Keep America Beautiful (KAB), its affiliates and partners are mobilizing Americans to bolster local ecosystems by planting native species of trees, shrubs and plants during its second annual National Planting Day on Saturday, Sept. 7.
Through National Planting Day, KAB is raising awareness about the importance of native species in restoring balance to local environments, while creating vibrant, more beautiful communities. Whether you are part of a citywide beautification program, a municipal leader, or a home gardener, you can participate simply by committing to use native species for your fall planting efforts.
“National Planting Day is a call to action designed to encourage people to plant natives at home, or to join a volunteer planting effort to beautify their community,” said Cori Rotter, senior manager, brand development, KAB. “It’s increasingly important that we focus on the planting of more ecologically appropriate, drought-tolerant native species.”
Native species are losing ground to suburbanization, fragmented habitats, ornamental plants and invasive species. Yet we know that natives are critical to attracting specialized pollinators and insects, which in turn provide food for birds and ultimately many more animals up the food chain. Native species provide ideal habitat for wildlife, are hardier, and require less water and ongoing maintenance than other ornamentals. This is an especially important benefit in light of this summer’s extreme temperatures in many parts of the country.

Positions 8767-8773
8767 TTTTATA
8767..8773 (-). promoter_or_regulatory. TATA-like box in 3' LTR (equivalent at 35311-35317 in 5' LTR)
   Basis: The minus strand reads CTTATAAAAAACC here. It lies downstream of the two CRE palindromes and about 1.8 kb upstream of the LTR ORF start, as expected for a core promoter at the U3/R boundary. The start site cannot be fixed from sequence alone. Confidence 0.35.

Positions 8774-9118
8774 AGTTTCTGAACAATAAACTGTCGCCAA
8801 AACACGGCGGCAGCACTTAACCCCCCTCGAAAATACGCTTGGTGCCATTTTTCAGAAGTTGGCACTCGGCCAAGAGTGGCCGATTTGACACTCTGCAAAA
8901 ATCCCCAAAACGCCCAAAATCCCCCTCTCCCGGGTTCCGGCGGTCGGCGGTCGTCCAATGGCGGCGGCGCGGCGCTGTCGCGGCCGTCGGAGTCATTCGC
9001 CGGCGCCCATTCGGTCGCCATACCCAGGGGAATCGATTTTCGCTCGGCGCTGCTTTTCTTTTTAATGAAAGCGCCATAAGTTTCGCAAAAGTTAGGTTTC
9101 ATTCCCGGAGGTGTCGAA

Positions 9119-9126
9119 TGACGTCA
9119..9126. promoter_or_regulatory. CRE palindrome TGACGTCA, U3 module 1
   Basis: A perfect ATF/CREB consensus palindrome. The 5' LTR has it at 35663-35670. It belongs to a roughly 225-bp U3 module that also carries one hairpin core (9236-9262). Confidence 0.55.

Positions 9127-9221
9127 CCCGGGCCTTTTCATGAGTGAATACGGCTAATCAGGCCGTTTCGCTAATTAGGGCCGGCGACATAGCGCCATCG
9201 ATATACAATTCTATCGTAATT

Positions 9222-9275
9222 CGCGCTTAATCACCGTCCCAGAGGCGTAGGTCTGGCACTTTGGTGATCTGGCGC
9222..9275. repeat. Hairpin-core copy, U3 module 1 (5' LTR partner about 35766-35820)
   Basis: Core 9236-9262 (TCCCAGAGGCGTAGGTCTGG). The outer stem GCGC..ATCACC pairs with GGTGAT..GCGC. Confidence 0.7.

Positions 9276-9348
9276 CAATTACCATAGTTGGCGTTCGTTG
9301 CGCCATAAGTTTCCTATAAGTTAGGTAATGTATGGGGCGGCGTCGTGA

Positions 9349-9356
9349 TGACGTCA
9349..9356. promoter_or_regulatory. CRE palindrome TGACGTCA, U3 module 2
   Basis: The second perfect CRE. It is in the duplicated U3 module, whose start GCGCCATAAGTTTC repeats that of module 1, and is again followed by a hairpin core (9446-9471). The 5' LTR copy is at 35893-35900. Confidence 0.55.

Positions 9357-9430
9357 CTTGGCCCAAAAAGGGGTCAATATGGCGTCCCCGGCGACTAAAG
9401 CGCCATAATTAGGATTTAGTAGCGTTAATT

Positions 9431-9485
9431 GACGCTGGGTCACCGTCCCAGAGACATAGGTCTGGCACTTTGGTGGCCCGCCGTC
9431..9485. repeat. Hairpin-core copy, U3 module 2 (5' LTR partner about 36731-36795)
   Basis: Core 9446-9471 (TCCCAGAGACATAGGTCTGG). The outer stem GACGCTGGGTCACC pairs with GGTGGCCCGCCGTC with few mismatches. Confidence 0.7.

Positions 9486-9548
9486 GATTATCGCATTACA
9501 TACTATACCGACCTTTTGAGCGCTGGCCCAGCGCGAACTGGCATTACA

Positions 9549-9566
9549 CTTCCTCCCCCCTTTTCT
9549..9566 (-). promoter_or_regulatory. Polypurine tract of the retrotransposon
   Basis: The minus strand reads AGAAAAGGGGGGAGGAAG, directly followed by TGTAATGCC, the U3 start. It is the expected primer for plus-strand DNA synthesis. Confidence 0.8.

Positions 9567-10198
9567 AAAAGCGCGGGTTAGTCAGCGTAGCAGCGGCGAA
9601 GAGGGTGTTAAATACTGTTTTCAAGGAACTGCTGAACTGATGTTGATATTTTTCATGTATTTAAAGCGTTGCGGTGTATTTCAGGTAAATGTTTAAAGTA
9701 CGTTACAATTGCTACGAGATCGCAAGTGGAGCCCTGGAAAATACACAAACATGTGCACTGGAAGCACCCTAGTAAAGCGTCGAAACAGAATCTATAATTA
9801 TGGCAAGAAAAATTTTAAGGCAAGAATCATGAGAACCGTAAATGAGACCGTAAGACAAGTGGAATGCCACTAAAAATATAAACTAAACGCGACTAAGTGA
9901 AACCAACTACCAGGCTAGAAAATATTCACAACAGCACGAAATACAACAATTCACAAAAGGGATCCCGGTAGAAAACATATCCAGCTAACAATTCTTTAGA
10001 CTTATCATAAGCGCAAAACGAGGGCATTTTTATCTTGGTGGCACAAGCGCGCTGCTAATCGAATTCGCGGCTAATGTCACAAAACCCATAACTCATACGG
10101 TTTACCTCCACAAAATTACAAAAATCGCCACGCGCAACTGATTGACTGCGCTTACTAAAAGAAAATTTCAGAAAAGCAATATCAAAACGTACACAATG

Special planting activities will take place in dozens of communities this fall. Contact your local Keep America Beautiful affiliate for details or register your event online.
The U.S. Department of Agriculture’s People’s Garden Initiative is also joining KAB in these efforts by calling upon the more than 1,900 People’s Gardens across the country to participate in National Planting Day. Communities that wish to be recognized for growing a “People’s Garden” are also encouraged to take part in National Planting Day by incorporating sustainable practices such as planting native species. The simple practice of planting natives provides one of the components of a People’s Garden and helps the environment by conserving water, protecting soil from erosion and providing habitat for wildlife. To learn more about the USDA’s People’s Garden Initiative, visit usda.gov/peoplesgarden.
The U.S. Composting Council is joining KAB in promoting National Planting Day by reminding the public of the importance of using compost when planting to provide essential organic matter to soils, adding vital water-holding capacity, helping soil retain nutrients longer, improving soil structure and supporting local organic recycling programs. Learn more about all things related to compost at compostingcouncil.org.